I see this as an opportunity. I fire up the B-1100 and head over knowing that I can’t return home with a pallet of toilet paper or a fifty-five gallon drum of dry-roast mixed nuts since I can strap neither to the bike.
BAD THINKING. Forgotten in my logic is that this is the heart of the holiday shopping circus. Within a half mile of my destination, I begin to know what cholesterol must do to the circulatory system. Almost nothing is moving. Instantaneously I am blocked from the rear. I look at the long line of automobiles stretching ahead, behind and around suburban curves and rethink Carl Sagan’s use of the term “billions and billions.”
Twenty minutes elapse before I make it to the parking lot. No space is empty, even in the farthest reaches. Spaces only come available. The traffic line creeps. I feel more than vulnerable on my little bike. Shoppers departing back blindly from spaces in cars loaded to the headliner with cases of soda and bubble water and motor oil, bales of paper towels, multipacks of deodorants and shampoos, lugs of cantaloupes and gunny sacks of oranges or walnuts. Steel shopping carts the size of three-quarter ton pickup trucks drift driverlessly across the tarmac seeking the nearest low spot or newest new car to ding.
Once inside, the behaviors continue. Many customers engage in an activity known to me as “the Costco Walk.” Aisles in these stores are wide; ample room exists for folks to push their pick-up sized baskets or flats all the way to the back of the store unimpeded except when the come up behind someone engaged in the Costco Walk.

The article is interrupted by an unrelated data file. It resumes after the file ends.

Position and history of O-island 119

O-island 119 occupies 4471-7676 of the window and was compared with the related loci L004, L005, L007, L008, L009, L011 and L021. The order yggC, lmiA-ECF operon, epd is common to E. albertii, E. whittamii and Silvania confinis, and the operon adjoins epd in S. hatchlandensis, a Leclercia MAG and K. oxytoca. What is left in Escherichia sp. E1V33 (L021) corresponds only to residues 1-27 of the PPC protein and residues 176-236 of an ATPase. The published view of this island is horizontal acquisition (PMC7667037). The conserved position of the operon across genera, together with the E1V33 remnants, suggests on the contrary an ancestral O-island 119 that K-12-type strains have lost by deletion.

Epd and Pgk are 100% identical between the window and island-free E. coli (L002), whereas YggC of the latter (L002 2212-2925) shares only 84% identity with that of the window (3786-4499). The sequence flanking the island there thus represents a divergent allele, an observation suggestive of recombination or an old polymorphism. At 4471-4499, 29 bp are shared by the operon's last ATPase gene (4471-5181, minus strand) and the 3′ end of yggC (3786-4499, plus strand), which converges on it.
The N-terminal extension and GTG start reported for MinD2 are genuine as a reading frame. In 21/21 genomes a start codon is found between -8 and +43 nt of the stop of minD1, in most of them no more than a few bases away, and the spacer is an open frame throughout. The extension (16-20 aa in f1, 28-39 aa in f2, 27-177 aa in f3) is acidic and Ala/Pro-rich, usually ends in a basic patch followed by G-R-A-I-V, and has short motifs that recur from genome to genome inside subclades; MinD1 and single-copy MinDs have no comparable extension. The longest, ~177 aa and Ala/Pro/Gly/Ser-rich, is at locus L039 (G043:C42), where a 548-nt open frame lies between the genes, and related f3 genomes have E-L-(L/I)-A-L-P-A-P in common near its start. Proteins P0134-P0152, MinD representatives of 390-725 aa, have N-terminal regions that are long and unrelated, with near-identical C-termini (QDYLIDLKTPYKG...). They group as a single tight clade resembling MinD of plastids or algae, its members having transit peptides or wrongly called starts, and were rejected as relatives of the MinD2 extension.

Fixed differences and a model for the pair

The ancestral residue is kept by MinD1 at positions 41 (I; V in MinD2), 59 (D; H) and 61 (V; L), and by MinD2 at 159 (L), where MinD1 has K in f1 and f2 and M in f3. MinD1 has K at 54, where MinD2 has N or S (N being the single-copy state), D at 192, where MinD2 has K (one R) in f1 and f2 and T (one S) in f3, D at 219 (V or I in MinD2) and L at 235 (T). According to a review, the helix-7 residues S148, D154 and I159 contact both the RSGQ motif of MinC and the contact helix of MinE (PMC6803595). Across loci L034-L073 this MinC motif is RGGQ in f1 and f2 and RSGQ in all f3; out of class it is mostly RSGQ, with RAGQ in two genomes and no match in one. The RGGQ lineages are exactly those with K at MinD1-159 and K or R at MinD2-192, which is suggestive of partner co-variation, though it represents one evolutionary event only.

I hang a left taking a narrow passage between discount books and discount socks/underwear. But toward the end of the alley, a Costco Walker is sampling Peruvian dried apricots. Someone pulls up right behind me and begins to thumb through the latest James Patterson novel. As in the parking lot ten minutes before, I am trapped, blocked, almost incarcerated. The rattle of carts, the nagging of partners, the impatience of children riding in baskets, the drone of holiday music – in short, the sounds of the commerce that makes this country great – begins to pound on me. I think of the classic horror movie trailer line: “What if you screamed but no one could hear you?”
I ARRIVE AT THE PHOTO COUNTER only to discover that the pictures are not ready. Developing services need to be prepaid and we hadn’t done that on line.
Church of the Open Road Press